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Fairness with Promotion

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What is the name of your state? Wisconsin

I work for a company that classifies salary positions (exempt & non-exempt) according to "Hay Points". Hay Points are related to job responsibility, and consequently wages. The higher the hay point level, the more responsibilty the job has which means higher pay.

For the past year, I have been classified as an Adminstrative Assistant with a Hay Point level of 178. However, 50% of my time has been performing as the HR Administrative Assistant which is rated at a 208 Hay Point level. The current HR Admin only wants to work part time, 20 hours per week. So, I was told that I would be her "back-up" for anything that she could not handle. This has quickly turned into a job share. Over the past year, the HR Manager has asked me several times if I would be interested in the position & eluded to the fact that it would be a promotion. The position was always presented that way to me.

Recently, the management team finally realized that having a part time HR Admin was not working; too many thing were falling through the system. So, they told the current part time HR Admin that she would need to find a new position in the company within 3 months, or be terminated. They then told me that I would be the HR Admin on a full time basis, but refused to give me the promotion to the 208 Hay Point level. The HR Admin position is rated at a 208 level across the entire company nationwide. I was also told that if I refused, I'd be put into surplus & possibly terminated. (I believe this scare tactic was used because I'm a divorced single mother who really needs this position.)

I questioned the HR Manager as to why I would not be receiving the promotion after I'd basically been performing in the position for a year. I have also received an "Exceeds" on my last performance review, which is the highest performance rating that we can achieve. (I was also recently given another raise which basically only brought me to my midpoint at the 172 hay point level, due to my performance. I'm clearly well below the 208 wage range.) He told me that the HR Admin position was rated at a 208 level due to the payroll resonsibilities it covers. He basically would need to see that I can perform the payroll function adequately and planned to promote me in March 2004 & that I need to trust him. At this point, trusting him is ludicrous, he has a definitely integrity issue from my perspective. I'm performing the position now, he's always calling & asking for my help. I'm assisting employees with their payroll questions & helping to resolve their issues. I may not have done a complete payroll cycle, but I'm sure that I can with very little training.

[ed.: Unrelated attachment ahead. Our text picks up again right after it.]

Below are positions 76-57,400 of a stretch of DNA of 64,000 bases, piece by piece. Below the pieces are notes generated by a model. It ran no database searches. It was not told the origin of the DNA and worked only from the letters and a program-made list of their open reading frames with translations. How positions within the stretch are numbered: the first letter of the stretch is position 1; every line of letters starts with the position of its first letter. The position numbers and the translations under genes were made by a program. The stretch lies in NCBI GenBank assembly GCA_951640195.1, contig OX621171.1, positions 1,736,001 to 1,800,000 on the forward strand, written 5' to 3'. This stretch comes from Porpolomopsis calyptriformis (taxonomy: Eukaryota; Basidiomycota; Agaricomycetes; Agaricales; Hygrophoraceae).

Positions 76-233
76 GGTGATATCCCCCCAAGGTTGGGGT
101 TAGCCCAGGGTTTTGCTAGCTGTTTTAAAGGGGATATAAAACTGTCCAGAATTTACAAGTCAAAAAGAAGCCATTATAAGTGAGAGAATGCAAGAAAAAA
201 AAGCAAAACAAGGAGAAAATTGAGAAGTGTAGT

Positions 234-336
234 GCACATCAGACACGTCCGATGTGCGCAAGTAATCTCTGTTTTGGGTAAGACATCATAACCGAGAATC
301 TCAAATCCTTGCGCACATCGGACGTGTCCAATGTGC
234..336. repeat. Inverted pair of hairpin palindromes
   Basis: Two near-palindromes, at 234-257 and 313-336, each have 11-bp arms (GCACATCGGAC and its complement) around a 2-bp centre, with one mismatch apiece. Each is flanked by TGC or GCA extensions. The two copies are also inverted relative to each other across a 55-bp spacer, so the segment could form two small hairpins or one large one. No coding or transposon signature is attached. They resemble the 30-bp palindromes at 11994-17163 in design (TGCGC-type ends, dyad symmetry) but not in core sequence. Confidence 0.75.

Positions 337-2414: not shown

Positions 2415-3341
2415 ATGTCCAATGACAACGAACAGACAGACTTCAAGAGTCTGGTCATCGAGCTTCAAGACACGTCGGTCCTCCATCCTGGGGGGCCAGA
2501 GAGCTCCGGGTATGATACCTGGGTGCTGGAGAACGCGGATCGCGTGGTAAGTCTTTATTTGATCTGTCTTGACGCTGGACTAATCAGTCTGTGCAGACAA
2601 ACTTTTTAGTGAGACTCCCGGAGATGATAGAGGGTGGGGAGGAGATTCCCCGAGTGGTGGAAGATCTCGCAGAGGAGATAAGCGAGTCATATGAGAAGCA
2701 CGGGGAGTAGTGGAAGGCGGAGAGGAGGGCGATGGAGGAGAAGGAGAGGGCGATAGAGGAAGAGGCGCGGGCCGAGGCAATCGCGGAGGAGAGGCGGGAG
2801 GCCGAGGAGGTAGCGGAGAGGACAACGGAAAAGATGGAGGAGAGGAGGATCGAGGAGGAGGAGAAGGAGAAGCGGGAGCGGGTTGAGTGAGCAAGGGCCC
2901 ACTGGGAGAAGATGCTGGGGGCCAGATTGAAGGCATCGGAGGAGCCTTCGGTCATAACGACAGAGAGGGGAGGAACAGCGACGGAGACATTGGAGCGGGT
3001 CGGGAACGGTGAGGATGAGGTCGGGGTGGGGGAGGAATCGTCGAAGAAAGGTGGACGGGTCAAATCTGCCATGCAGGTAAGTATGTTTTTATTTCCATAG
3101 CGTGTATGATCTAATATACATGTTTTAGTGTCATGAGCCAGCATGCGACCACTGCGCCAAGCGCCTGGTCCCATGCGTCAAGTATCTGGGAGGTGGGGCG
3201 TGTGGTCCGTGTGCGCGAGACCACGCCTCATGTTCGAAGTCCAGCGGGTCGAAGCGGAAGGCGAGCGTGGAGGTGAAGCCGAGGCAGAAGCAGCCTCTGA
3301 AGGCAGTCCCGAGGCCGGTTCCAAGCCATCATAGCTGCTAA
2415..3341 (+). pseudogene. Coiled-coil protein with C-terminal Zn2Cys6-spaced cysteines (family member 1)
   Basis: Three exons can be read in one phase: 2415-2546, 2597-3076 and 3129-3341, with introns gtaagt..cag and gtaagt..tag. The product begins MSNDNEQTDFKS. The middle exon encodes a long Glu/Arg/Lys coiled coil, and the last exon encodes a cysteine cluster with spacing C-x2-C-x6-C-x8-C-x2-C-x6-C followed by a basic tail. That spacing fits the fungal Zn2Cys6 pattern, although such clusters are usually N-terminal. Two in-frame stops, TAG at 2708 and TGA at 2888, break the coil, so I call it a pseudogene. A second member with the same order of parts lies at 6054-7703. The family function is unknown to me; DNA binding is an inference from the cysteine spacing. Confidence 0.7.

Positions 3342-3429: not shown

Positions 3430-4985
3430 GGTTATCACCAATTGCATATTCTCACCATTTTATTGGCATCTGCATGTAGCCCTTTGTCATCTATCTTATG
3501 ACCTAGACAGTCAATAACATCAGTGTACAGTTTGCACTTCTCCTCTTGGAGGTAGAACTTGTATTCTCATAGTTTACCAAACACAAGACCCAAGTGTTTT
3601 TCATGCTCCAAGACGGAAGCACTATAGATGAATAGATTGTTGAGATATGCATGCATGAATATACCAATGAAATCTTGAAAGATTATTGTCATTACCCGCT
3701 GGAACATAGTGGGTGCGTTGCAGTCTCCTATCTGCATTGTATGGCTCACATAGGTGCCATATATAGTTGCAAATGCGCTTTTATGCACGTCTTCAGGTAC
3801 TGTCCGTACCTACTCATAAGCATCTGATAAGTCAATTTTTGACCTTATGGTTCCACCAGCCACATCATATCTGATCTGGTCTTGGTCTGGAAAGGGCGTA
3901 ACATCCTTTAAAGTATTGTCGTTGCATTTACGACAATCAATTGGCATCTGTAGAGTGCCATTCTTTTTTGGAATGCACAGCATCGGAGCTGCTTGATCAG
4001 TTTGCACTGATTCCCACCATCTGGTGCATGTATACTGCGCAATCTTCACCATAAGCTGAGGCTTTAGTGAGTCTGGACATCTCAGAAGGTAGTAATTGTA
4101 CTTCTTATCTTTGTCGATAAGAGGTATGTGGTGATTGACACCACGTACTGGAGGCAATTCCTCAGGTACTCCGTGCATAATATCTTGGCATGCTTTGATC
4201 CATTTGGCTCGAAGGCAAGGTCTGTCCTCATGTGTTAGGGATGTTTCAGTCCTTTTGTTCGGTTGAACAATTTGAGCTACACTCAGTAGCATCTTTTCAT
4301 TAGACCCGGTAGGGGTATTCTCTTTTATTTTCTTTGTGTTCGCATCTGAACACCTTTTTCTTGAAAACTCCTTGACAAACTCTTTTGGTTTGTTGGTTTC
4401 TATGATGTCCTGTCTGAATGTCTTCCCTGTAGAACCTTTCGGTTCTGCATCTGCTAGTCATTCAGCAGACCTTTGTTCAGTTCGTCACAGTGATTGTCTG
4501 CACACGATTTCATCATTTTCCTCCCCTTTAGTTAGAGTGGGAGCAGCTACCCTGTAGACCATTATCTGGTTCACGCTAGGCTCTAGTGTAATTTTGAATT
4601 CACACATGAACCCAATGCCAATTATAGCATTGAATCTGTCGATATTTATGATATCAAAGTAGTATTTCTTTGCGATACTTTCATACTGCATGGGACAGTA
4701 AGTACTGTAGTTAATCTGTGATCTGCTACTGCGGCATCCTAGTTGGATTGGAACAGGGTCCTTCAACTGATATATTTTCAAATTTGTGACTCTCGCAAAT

Based on the above information (I'm willing to clarify any points if necessary), I'm curious if there I have any legal recourse. I appreciate any advice or counsel that you can offer. Please be specific with any laws or statutes that may apply so that I can read them for myself. I really feel taken advantage of right now.




Senior Member
The only law or statute that applies is the one that requires employers to pay employees at least minimum wage. That's it. They can pay the CEO minimum wage if they wish to (and they can find someone willing to accept the job at that wage.) Nor are there any laws that require an employer to grant a pay increase unless minimum wage increases.

I can appreciate that you don't think your situation is fair but waiting to give someone an increase until after they've performed the new job for a period of time is not uncommon. I can see no reason why your employer would use this decision as a scare tactic. They wouldn't have offered you the job in the first place if they didn't want you in the position. I think you've jumped to a lot of conclusions on that score.

Your options are (1) to be patient, accept the position and do it well, and anticipate a pay increase in March, (2) stay in the job you're in, or (3) look for a new job elsewhere. Since you don't respect your new boss and appear to be entering into this new job with a major chip on your shoulder, the odds are this new job isn't going to work out very well for you.


I'm a Northern Girl
The Hay points (and I'm familiar with them) are meaningless as regards exempt/non-exempt status. What matters are your job duties. If you qualify for an exemption under the Fair Labor Standards Act definitions, they MAY (they are not required to) classify you as exempt. If you do not qualify for an exemption under the FLSA definitions, they MAY NOT (they have no choice in the matter) classify you as an exempt. What the Hay point score is means nothing. Hay points refer to compensation - if they are tying exempt and non-exempt status solely to Hay points, they have probably got some misclassified employees in there.

Unless they are refusing to make this a promotion BECAUSE OF your race, religion, national origin, gender, disability, pregnancy, or because you are over 40 (in your state you may add arrest/conviction record, genetic testing, marital status, military reserve status, sexual orientation, and use/non-use of lawful products outside work i.e. smoking to this list) then you do not have any legal recourse. They are under no obligation to make this a promotion no matter how many times it was presented that way to you in the past.

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